from November 15, 2004
Of the many letters I have received since my death 11 months ago, the majority have shown an unhealthy preoccupation with my sex life.
Though I consider this curiosity an especially acute form of perversion, I am also aware of my responsibilities to the many admirers who have taken the time to write me. They are, after all, my fans. Being an American icon, I feel compelled to answer their most frequently asked questions.
Q. Is there sex after death?
A. For most dead persons, no. For Protestants, no. For practicing Mormons, probably. For Catholics who have chosen the purgatory route, definitely. For Islamist terrorists, the opinions are mixed. For voting members of the Dead Rights Party, it depends. On what? you ask. On whether your urn has been outfitted by the robotic device designed and manufactured by Myles na Gopaleen, Jr. and Associates, a.k.a. the Myles Junior Think Tank (MJTT), and whether you have purchased the Luxury Edition, which includes all the right sex organs. The $25,000 basic robot comes with a 36 month, 36,000 miles warranty. The Luxury Edition, which will run you $100,000, is warranted for 10 years or 10,000 orgasms, whichever comes first.
Q. Are you now, or have you ever been, married?
A. When I was alive, a woman back in Panhandle County proposed to me daily. I cannot for the life of me remember her name. I wish I could say the same for her face and figure. Face like a chimp. Jugs like an unmilked Holstein. And no, I’m not presently married. Incidentally, I took the Luxury Edition option and am presently assembling a small harem, consisting of a mix of similarly-outfitted women and living ladies in the 18-64 year age range. For more information, you can usually find me at the Hôtel Adobe Watering Hole or in the vicinity. Ask for Orville . . . Oh. The woman’s name was Florence. Owned and operated the only bar and grill in town. Proposed to every male patron who walked through the swinging doors. Her father died before she was born—at least that was the general theory. It would explain the need. I don’t imagine there was that much of a lust factor. She must’ve been, oh, in her 80s.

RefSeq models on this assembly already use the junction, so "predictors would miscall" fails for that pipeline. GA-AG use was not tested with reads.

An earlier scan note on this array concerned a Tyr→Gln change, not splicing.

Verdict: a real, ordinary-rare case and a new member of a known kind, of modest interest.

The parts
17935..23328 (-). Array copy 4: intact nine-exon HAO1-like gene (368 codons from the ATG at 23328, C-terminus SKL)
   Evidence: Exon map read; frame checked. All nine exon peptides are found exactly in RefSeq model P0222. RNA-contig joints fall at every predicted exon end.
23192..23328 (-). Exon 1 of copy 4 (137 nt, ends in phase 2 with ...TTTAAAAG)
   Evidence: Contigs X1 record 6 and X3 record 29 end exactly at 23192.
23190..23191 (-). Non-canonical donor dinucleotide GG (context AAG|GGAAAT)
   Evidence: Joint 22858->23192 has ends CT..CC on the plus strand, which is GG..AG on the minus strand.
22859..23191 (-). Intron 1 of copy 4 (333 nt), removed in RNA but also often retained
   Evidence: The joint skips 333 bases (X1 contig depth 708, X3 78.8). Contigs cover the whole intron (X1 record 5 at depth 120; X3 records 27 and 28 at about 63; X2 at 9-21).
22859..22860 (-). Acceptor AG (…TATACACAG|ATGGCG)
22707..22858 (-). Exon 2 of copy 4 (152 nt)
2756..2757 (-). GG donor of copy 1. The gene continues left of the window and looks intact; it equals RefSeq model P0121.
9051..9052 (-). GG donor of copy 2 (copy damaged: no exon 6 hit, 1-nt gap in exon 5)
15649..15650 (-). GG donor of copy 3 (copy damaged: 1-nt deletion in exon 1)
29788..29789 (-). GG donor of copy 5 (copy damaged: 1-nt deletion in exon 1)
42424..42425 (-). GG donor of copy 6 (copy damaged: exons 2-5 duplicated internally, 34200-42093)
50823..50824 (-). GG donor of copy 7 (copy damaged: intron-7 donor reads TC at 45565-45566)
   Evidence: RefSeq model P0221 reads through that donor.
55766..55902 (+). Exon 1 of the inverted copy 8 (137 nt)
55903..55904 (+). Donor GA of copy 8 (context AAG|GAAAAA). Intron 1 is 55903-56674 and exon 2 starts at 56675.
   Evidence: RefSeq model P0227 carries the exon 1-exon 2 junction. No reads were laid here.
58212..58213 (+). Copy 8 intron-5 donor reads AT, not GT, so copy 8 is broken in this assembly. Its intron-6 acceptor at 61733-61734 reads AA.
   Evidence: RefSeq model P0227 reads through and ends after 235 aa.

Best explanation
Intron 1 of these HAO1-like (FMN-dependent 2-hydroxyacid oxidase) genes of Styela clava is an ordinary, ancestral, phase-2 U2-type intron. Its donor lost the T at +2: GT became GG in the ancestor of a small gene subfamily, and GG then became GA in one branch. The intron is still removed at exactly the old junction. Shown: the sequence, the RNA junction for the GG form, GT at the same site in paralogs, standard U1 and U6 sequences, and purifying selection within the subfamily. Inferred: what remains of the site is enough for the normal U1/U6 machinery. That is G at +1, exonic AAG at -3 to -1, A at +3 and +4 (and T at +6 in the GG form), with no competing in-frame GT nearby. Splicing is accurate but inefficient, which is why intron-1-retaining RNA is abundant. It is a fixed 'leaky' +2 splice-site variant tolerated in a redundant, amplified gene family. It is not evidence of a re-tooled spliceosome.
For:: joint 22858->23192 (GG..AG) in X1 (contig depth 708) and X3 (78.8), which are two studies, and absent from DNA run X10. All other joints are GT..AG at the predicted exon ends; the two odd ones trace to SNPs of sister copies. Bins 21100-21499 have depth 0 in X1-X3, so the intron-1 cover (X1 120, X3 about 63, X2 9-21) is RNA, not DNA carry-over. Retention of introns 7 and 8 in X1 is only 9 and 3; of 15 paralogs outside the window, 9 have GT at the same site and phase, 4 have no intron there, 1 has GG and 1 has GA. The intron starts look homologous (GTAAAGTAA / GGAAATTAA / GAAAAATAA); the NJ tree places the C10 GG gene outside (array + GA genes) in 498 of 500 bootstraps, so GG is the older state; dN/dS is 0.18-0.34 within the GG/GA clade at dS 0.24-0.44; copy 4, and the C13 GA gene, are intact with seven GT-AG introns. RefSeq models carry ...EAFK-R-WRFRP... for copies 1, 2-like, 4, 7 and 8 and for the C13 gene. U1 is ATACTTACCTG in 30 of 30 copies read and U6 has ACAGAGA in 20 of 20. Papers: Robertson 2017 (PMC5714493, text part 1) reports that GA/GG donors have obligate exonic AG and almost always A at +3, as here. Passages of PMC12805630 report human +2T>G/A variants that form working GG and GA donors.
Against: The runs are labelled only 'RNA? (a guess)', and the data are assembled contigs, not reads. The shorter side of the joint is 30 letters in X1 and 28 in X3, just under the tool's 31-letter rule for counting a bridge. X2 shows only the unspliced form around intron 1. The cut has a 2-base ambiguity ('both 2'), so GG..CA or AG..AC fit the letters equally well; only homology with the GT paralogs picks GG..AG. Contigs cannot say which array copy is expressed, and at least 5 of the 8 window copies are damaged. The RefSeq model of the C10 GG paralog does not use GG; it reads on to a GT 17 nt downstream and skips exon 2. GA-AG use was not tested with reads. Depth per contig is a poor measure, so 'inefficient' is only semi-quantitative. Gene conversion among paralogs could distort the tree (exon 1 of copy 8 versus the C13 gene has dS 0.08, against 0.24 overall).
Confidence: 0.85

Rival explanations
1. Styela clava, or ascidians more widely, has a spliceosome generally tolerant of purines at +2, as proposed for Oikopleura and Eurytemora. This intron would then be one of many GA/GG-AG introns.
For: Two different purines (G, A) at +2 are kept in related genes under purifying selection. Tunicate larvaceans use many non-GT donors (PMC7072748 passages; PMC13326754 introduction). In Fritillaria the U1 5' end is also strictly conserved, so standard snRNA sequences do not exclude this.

Q. When you were alive, did you have any extra-marital affairs?
A. I wasn’t married, so No.
Q. What about the ladies? Did you fool around with any married ones?
A. I tended to keep away from that type. Lots of jealous husbands, and remember, this was back in Panhandle County, where a man’s best friend is his shotgun. So I specialized in widows. They tend to be grateful. I picked up that insight from Ben Franklin, the guy who invented electricity. Lived half his life in Pennsylvania, the other half in Paris. Paris: that’s probably where he got his theory about grateful widows. Never been to Paris myself. Wonder if they’ve got a branch of the Dead Rights Party? I’m thinking of course of an auxiliary branch.
So there you go. My sex life. I think I’ve pretty much covered the subject.
from November 1, 2004
Most vice presidential candidates don’t have a great record of accomplishment. I am proud to announce that in this regard, I am about average.
Back in Panhandle County, I was approached on numerous occasions to run for office on the Beg-Off ticket. Using my notorious skills, however, I was able to avoid public service. I am proud to announce that I followed the first rule for all doctors: I did no harm. Nothing that went wrong was my fault. Thus I have no need of excuses.
My competitors will say, of course, that back in Panhandle County, nothing went on. They will argue that if nothing went on, nothing could go wrong.
I refuse to haggle with my esteemed competitors on this point. I will say, though, that something did go on back in Panhandle County. We had our share of snake-oil salesmen, as they were called in those days. In fact, that is how our beloved county got its name. It was either that or Politician County. We maintained our dignity by avoiding the latter.
I am also proud as can be that I not only desisted from the temptations to join the snake-oilers, I also fought them. Not, however, in the tooth-and-nail tradition. My method was much more subtle. I followed the tradition of my great-grandfather, Orville Slack I, of my grandfather, Orville Slack II, and of my deceased father, Orville Slack III, by learning the tricks of the beg-off trade. As a matter of fact, I lifted that tradition to the highest pitch.
It was this skill that emptied the churches of a Sunday morning and brought the parishioners of various denominational persuasions to my front porch, where I held forth on the evils of the snake-oil trade and did case-by-case analyses of the tricks of battling that evil trade. This is how I made my good-got gains. Not that I made a pile: a hat on the floor can hold only so many nickels and an occasional dime, and I stood well within the law by owning a single hat. I still own that hat, which, like its peers, was of the ten-gallon variety.
Of course I was poor. In fact, I was tempted to hold midweek services to keep the books balanced. But seldom did I yield to that temptation. Once or twice a month, yes. Every week, no. And I did it as a public service.